Consumers Disliked 2021’s Economy More Than 2020’s
Omicron's Continued Spread And Supply Chain Disruptions Add To Low Inventory On Store Shelves MIAMI, FLORIDA - JANUARY 11: Shelves displaying meat are partially empty as shoppers makes their way through a supermarket on January 11, 2022 in Miami, Florida. The coronavirus Omicron variant is still disrupting the supply chain causing some empty shelves at stores. (Photo by Joe Raedle/Getty Images) Joe Raedle / Staff
Photo by Joe Raedle/Staff/Getty Images

American consumers rated the economy of 2021 lower than the economy of 2020, according to an important annual Federal Reserve survey released Monday.

The Survey of Household Economics and Decisionmaking showed that 24% of respondents thought national economic conditions were good or excellent. According to CNBC, the figure marks a significant decrease from 50% in 2019 — as well as a slight decrease from 26% in 2020.

Although the unemployment rate skyrocketed from 3.5% to 14.7% between February 2020 and April 2020, lawmakers responded to COVID-19 and the lockdown-induced recession with an unprecedented level of federal aid. After unemployment rates largely recovered, inflation began to skyrocket beyond the Fed’s typical 2% benchmark — from 1.3% in December 2020 to 7.0% in December 2021. 

According to the Fed’s survey, “the majority of parents received additional income in 2021 through the monthly Child Tax Credit.” While most higher-income parents saved the extra money, most lower-income parents spent it on “housing, items for their children, or food.” Indeed, inflation tends to fall most heavily upon poor families, which tend to devote a greater share of their budgets toward necessities.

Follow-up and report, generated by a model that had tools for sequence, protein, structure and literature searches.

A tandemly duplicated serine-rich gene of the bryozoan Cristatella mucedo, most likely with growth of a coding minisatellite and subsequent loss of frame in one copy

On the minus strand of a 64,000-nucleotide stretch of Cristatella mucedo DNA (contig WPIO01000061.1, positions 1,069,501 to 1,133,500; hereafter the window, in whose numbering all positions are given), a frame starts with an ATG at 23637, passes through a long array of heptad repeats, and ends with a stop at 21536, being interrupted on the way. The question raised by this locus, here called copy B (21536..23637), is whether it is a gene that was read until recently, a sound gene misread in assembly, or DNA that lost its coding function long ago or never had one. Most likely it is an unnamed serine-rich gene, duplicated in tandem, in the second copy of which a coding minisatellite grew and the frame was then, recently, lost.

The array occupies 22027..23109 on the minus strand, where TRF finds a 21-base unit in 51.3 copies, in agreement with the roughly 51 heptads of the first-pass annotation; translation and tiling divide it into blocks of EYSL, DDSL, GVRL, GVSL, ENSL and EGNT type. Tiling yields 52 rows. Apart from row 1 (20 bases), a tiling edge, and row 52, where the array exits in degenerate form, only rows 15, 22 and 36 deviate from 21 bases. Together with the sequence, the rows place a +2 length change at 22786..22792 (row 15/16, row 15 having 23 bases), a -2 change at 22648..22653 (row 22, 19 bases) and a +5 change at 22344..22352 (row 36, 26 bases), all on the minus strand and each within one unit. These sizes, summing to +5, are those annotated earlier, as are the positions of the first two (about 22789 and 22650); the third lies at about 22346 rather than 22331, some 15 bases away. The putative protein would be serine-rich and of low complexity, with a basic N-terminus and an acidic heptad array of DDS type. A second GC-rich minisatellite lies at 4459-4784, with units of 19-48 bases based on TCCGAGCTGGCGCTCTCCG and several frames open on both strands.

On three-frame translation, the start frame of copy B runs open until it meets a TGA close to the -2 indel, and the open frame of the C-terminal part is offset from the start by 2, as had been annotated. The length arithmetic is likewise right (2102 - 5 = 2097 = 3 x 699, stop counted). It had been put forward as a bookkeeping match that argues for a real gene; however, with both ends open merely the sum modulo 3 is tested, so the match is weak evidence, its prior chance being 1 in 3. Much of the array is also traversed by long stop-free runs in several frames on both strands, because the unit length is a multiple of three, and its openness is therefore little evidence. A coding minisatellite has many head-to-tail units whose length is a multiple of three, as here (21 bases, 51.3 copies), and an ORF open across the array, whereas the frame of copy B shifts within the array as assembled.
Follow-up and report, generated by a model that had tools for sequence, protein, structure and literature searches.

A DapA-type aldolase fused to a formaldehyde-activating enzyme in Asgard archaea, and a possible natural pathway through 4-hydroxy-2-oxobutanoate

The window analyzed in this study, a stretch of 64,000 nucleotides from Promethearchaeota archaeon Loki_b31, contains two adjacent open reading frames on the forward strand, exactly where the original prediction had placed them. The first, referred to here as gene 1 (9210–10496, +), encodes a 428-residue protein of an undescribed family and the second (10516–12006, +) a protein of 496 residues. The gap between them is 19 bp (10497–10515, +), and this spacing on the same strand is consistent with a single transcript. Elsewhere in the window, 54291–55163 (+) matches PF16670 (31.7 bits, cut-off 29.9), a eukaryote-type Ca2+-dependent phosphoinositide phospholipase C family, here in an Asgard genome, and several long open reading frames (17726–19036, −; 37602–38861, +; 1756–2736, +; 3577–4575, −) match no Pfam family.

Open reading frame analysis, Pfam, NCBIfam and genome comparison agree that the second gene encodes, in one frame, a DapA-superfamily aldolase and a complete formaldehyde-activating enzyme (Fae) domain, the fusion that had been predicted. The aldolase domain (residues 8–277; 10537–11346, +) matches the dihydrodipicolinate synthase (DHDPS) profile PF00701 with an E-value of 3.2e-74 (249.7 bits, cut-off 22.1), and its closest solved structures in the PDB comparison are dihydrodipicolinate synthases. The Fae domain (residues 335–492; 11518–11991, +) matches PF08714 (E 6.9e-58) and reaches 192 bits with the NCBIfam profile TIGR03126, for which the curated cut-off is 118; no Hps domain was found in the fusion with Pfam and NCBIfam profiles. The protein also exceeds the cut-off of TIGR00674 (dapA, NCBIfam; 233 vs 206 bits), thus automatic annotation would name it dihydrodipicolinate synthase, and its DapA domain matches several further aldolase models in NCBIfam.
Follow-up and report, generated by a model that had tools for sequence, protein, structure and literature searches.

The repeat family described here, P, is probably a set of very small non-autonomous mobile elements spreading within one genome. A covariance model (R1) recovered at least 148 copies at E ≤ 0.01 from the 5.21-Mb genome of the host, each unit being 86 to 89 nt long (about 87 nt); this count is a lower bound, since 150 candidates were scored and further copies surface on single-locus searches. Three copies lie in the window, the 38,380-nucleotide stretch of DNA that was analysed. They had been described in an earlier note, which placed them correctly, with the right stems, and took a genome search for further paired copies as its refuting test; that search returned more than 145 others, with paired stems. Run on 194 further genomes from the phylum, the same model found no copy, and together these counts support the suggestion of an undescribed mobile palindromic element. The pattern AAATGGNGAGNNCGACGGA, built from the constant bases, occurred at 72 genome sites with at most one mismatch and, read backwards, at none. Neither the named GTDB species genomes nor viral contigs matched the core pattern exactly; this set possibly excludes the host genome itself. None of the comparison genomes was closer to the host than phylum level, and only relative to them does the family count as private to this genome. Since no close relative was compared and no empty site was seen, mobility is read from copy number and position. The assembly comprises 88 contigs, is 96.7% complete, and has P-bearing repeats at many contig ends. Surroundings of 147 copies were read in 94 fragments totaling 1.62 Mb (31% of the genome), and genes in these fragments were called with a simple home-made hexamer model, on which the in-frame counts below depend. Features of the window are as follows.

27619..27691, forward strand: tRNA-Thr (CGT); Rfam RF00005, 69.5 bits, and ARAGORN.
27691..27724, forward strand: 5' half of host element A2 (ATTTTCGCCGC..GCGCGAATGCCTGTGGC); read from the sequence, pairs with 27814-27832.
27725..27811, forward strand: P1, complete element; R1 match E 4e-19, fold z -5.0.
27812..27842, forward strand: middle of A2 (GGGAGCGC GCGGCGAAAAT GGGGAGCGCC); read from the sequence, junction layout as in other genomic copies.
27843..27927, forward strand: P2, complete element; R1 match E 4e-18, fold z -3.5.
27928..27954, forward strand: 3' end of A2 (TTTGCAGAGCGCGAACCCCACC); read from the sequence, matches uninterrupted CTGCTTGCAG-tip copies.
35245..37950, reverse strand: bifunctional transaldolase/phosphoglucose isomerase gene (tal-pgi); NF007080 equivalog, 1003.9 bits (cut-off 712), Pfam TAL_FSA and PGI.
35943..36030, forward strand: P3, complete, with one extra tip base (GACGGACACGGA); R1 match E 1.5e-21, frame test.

The rise in prices since the beginning of 2021 has outpaced nominal increases in pay, producing a nearly 3% decline in real wages — stretching Americans’ budgets with respect to food, gas, housing, and other staples. A recent poll found that 94% of Americans were either “upset” or “concerned” about the impact of skyrocketing inflation, while a slim 28% approved of President Joe Biden’s approach toward managing price levels.

To curb rising price levels, the Fed increased interest rates by a half point earlier this month — which marked the largest rate hike since May 2000 and followed a quarter point increase from near-zero levels two months ago.

“Inflation is much too high,” Fed Chairman Jerome Powell said at a news conference. “We understand the hardship it is causing, and we’re moving expeditiously to bring it back down. We have both the tools we need and the resolve that it will take to restore price stability on behalf of American families and businesses.”

To address rising inflation, some Democratic lawmakers have called for price controls. House Speaker Nancy Pelosi (D-CA), for example, touted the “Consumer Fuel Price Gouging Prevention Act” — which would allow Biden to declare an “energy emergency” and give him the ability to regulate prices by preventing fuel companies from selling their products at prices deemed to be “unconscionably excessive” and “exploiting” such an emergency.

However, former Obama chief economist Jason Furman argued that such solutions would not actually solve inflation and possibly make future product shortages worse.

“You were quoted as saying corporate greed is a bad theory of inflation. Is that another way of saying that what Democrats are talking about is just a gimmick?” CBS host Margaret Brennan asked Furman.

“I think it’s pretty gimmicky, these price gouging bills, because, you know, he’s got a lot of extra demand. What happens when demand goes up? Prices go up,” Furman replied. “There’s an old saying the cure for high prices is high prices. That’s a little bit of a painful thing to deal with, but it’s what elicits the additional supply. It brings more producers into the market, and it’s what brings prices down and we need to let that process work. You try to interfere with it, you’re going to make things worse. We tried that in the seventies, it was a big failure. We shouldn’t be repeating it again.”

Furman also argued that most of the responsibility for combating inflation falls upon the Federal Reserve. He added that there was little Biden could do unilaterally, yet he credited Biden for taking action to address the supply chain crisis and release oil from the Strategic Petroleum Reserve.

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